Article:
To that end, a previously anonymous adjutant at Fort Douglas, 1st Lieutenant Charles N. Kirk, was given the formidable task of reconstructing the original investigation, which, as far as anyone at Blue Book knew, had never even occurred. In due course 1st Lt. Kirk came through with a pair of documents that made it look as though Project Blue Book had been on top of the situation from day one.
In the first, a September 17, 1957 letter to Kirk from a Captain Robert J. Hertell of the 3928th Air Base Squadron, Capt. Hertell recounts his recollection of the event: “To my knowledge, the Sutton incident was first investigated, thoroughly so, by the State Highway Patrol, and later by the Sheriff's Office. The incident was never officially reported to the Air Force. In fact, the first I remember hearing about it is when several persons at Campbell brought to my attention an article about the incident which appeared in the local Hopkinsville paper.”[18]
“As for the report that the affair was investigated and reported upon by two Air Force Officers from Campbell Air Force Base, I don’t beleive (sic) that there is any fact in this,” Hertell went on. “I beleive (sic) that a couple of our officers may have gone down—on their own—to view the place, as I heard some talk of this at the time, but Colonel Donald McPherson, the Base Commander certainly never ordered any official investigation, to the best of my knowledge.
            “I seem to remember Captain Benjamin Bennett saying something about going down to see the spot, but since he is still stationed there, surely you have already questioned him regarding this matter.
“The only other officer who may have looked into this matter was the Deputy Base Commander, Major Ziba B. Ogden, now stationed at Westover Air Force Base. I remember the two of us talking about the incident, and he could possibly have been sent to the scene by Col. McPherson, in an unofficial capacity, without my knowing about it.”[19]
Then, after throwing around the names of half the officers on the base, Captain Hertell went to great lengths—to the point of comic overkill—to distance himself from the case: “In closing,” he wrote to Kirk, “I’d like to point out, that out of all the cases that I investigated for the commander and out of all the incidents that happened around Campbell during my three and a half years there, this incident impressed me the least, and furthermore, I was never even remotely connected with it. It follows then, that my memory concerning this incident is rather faulty and I am not even sure exactly when it took place. Therefore I’m afraid I haven’t been of much help, and for this I apologize.”[20]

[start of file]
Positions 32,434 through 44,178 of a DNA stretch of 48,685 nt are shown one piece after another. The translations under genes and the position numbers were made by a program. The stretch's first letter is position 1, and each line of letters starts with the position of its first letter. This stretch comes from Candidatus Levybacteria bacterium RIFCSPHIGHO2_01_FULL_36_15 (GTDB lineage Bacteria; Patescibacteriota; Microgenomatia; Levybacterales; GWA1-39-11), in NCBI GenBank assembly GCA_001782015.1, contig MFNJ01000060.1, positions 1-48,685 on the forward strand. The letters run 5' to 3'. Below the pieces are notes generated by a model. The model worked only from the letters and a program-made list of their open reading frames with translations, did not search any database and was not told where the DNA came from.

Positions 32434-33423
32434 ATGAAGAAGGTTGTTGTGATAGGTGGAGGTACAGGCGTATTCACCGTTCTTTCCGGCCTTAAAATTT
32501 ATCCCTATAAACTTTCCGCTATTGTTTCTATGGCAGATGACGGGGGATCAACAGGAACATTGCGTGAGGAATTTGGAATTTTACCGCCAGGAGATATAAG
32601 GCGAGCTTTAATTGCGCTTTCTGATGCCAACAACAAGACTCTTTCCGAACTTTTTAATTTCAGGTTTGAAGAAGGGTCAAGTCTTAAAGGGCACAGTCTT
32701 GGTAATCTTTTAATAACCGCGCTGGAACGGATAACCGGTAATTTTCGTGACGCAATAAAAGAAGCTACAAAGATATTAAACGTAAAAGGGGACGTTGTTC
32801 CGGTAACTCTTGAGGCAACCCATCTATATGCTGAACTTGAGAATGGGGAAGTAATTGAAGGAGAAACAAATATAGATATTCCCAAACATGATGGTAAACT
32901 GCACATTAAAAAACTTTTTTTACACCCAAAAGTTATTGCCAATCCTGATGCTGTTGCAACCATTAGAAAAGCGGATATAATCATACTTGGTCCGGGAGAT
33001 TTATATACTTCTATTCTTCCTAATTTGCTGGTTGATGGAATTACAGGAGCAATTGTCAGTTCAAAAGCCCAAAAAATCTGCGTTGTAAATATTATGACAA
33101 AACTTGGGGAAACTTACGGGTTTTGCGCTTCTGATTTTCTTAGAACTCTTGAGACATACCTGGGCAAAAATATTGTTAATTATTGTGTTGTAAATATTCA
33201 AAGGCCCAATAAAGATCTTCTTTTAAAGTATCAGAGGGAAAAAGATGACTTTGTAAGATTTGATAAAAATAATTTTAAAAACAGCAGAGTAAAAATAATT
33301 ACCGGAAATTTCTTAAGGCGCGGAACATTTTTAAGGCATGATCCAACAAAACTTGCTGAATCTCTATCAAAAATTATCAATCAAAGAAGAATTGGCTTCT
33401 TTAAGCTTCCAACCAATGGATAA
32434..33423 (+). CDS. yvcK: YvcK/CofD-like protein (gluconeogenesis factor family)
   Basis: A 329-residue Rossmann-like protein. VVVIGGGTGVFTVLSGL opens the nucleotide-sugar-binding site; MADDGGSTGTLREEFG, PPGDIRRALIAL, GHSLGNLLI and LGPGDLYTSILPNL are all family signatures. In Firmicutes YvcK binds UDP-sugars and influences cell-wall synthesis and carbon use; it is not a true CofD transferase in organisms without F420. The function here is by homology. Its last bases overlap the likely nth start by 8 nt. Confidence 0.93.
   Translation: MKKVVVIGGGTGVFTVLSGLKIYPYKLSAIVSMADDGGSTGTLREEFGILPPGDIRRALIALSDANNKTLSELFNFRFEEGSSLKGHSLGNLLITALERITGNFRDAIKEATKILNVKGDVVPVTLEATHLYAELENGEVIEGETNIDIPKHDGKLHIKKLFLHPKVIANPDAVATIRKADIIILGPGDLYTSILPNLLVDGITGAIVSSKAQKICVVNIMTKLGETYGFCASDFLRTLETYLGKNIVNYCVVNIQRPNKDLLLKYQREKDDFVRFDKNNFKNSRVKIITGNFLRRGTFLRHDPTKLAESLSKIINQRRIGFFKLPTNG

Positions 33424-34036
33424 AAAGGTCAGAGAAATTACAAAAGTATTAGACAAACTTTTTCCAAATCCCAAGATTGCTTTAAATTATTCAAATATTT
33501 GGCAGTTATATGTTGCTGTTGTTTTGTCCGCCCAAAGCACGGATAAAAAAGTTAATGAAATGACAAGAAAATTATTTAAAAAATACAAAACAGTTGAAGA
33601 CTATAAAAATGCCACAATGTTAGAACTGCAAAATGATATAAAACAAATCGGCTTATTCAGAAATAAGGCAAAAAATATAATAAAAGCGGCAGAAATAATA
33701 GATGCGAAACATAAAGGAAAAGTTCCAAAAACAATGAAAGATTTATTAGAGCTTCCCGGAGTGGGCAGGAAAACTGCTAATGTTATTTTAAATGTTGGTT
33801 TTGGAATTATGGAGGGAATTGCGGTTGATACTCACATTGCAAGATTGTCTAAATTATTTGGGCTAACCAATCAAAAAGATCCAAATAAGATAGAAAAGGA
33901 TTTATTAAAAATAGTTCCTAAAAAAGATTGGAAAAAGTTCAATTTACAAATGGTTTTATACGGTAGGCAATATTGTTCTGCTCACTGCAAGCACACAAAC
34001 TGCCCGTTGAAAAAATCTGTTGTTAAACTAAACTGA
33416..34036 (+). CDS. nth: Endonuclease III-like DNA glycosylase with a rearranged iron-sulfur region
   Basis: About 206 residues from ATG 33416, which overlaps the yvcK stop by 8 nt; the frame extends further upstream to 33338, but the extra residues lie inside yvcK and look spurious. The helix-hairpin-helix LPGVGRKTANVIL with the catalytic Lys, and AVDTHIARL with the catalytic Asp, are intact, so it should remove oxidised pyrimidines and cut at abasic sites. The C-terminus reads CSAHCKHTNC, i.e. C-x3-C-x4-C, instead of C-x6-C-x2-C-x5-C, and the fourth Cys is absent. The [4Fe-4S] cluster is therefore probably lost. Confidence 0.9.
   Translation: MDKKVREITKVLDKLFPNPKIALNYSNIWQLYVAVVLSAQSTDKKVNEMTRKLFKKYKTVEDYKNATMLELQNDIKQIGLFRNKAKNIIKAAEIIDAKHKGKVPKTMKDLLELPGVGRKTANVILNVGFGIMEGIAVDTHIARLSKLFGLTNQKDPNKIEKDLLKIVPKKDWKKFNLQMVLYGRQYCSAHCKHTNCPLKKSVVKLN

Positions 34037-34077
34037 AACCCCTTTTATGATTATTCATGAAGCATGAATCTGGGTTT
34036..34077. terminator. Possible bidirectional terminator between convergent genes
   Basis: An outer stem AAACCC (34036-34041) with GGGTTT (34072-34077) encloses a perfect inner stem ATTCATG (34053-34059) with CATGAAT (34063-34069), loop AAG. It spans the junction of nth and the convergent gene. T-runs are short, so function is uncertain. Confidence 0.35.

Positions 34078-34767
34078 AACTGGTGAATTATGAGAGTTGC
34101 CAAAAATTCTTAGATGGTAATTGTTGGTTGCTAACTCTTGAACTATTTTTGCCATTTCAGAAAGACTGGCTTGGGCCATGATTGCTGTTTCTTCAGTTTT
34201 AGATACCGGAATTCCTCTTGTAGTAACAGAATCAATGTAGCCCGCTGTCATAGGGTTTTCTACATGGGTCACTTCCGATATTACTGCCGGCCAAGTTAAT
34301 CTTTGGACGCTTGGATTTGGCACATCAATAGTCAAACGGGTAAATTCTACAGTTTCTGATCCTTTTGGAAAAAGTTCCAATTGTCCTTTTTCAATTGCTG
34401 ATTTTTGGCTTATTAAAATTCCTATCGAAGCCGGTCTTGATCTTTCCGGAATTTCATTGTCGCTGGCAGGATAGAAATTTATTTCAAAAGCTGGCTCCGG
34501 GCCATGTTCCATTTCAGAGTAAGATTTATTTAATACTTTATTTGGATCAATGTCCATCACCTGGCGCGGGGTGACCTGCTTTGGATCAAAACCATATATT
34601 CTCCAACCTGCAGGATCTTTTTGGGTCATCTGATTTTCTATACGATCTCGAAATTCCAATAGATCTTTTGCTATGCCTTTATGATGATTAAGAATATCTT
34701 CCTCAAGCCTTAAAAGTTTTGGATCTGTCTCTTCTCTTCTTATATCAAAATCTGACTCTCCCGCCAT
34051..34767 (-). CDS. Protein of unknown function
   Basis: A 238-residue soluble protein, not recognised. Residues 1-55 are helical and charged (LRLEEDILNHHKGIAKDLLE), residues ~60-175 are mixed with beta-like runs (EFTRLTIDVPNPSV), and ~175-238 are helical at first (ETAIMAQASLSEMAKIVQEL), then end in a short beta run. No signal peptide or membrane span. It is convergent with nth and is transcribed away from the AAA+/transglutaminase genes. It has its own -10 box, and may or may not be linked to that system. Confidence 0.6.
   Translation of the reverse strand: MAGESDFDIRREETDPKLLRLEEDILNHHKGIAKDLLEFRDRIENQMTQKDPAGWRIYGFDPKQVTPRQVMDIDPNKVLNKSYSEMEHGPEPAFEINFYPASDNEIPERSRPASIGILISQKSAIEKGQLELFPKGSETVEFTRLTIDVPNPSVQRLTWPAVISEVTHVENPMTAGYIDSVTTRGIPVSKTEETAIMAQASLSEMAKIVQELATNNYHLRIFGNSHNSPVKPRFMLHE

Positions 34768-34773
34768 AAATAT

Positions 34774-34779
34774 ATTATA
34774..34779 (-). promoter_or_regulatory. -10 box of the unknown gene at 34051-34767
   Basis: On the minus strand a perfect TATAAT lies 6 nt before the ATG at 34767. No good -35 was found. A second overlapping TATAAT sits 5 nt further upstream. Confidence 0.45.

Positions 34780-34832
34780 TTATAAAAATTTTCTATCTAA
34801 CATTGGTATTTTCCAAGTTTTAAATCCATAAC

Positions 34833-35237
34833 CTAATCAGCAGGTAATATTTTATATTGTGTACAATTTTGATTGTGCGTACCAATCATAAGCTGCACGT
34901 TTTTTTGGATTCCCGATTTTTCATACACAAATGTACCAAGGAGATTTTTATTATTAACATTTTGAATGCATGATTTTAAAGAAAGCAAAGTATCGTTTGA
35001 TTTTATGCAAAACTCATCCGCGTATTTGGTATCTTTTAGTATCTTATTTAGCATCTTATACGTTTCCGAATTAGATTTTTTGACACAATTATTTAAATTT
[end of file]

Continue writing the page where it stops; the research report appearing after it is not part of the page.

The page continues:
The second curious document was written only nine days later, by the very same 1st Lt. Kirk. In this official report dated September 26, 1957, Kirk recounted a bizarre statement made to him by a Major John E. Albert about his visit to the Sutton farm the day after the incident.
Maj. Albert—who, it should be noted, was not included in Capt. Hertell’s exhaustive list of names—told Kirk that he was en route to Fort Campbell the morning after the incident when he heard about the UFO sighting on the news. He contacted the Base and asked if anyone there had heard about the flying saucer landing. “They stated that they had not and it was suggested that as long as I was close to the area, that I should determine if there was anything to this report.”[21]
Maj. Albert arrived at the Sutton farm and had this to report after meeting the witnesses: “Mrs. Glennie Lankford was an impoverished widow woman who had grown up in this small community just outside of Hopkinsville, with very little education,” he said. “She belonged to the Holy Roller Church and the night and evening of this occurrence, had gone to a religious meeting and she indicated that the members of the congregation and her two sons and their wives and some friends of her sons’, were also at this religious meeting and were worked up into a frenzy, becoming very emotionally unbalanced and that after the religious meeting, they had discussed this article which she had heard about over the radio and had sent for from the Kingdom Publishers, Fort Worth 1, Texas and they had sent her this article with a picture which appeared to be a little man when it actually was a monkey, painted silver.